The development of water-based consolidants for Sydney sandstone in heritage buildings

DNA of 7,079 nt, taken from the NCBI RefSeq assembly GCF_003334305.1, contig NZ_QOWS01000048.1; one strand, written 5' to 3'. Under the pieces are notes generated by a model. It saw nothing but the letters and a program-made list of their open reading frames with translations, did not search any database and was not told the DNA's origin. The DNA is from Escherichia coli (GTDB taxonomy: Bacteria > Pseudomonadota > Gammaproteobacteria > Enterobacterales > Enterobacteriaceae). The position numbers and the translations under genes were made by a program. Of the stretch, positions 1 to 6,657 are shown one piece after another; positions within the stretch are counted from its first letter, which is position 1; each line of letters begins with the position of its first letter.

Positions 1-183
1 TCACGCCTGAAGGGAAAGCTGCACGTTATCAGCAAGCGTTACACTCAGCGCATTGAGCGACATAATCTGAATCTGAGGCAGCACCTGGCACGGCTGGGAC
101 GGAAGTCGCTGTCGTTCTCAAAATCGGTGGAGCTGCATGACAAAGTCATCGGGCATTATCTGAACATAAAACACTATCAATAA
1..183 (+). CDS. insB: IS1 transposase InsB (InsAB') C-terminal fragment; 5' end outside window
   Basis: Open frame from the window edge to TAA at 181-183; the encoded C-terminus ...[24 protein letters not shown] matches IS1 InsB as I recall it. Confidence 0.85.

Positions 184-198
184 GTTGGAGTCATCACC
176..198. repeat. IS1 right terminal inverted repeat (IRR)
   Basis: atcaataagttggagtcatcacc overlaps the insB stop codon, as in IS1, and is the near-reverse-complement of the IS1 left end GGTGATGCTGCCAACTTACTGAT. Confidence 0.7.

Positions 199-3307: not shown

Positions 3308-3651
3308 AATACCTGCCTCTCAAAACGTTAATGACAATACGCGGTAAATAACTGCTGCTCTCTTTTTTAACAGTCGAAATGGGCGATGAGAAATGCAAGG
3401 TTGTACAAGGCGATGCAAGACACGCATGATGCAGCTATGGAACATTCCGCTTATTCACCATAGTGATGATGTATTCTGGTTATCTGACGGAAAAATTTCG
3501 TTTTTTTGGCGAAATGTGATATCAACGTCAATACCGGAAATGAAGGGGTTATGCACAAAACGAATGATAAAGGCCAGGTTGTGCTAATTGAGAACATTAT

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The work presented in this Thesis assesses the suitability and capacity of the aqueous consolidants designated for more compatible consolidation treatment of Sydney’s yellow block sandstone. The aqueous consolidant systems investigated included polymer consolidants, polymer-montmorillonite composite consolidants and in situ polymerisation consolidation. Polymer consolidants incorporating montmorillonite (MMT) were prepared by aqueous solution intercalation method and demonstrated the fast and efficient preparation of composites at the wide range of MMT concentrations from 2.5 to 90%, dispersed in the water soluble polyacrylic acid (PAA), polyacrylamide (PAm), or polyethylene glycol (PEG), or in situ polymerised PAm. While the intercalation behaviour, MMT dispersion, structural variations, intermolecular interactions between polymer and MMT and thermal stability were affected by the polymer-MMT ratios and the nature of polymers; the polymer-MMT ratios determined the trend in these changes, but the extent to which these occurred depended on the nature of polymers. PAA, PAm, PEG and in situ polymerised PAm produced the interlayer separation of MMT in the range of 13.1-19.6, 15.2-26.9, 14.2-19.7 and 20.3-28.1Å with the 50 to 60% MMT threshold incorporated into the polymer matrixes. The interlayer separation of MMT were similar for PAA and PEG, while PAm and the in situ polymerised PAm increased the interlayer expansion of MMT. The consolidant performance of PAA, PAm, PEG, the polymer-MMT composites and in situ polymerised PAA or PAm was compared with the commercial consolidants, hydrophobic Paraloid B67 (B67) and B72 (B72), water soluble Lascaux and the ethyl silicate Silres by their penetration ability, uptake, water vapour permeability, colour change and bending strength. The polymer-MMT ratio of the composite and the concentrations of polymer or monomer were critical. Practically, the composites containing less than 20% MMT were suitable and the polymerisation at greater than 10% Am or AA was unusable. Increasing the polymer concentrations reduced penetration, induced colour changes and reduced water vapour permeability. PAm and polymerised PAm showed the best performance, whereas PEG reduced mechanical strength and AA and PAA caused colour changes. In comparison, the hydrophobic commercial consolidants caused increased darkening and significantly reduced permeability although the water soluble Lascuax did provide some beneficial effect. The consolidants developed in this research represented mild consolidation action with minor changes in the characteristics of the treated sandstone. Encouraging results were observed for the performance of these water based polymer consolidants, in particular, PAm demonstrating the best consolidant of water based consolidation systems in the conservation of heritage sandstone.
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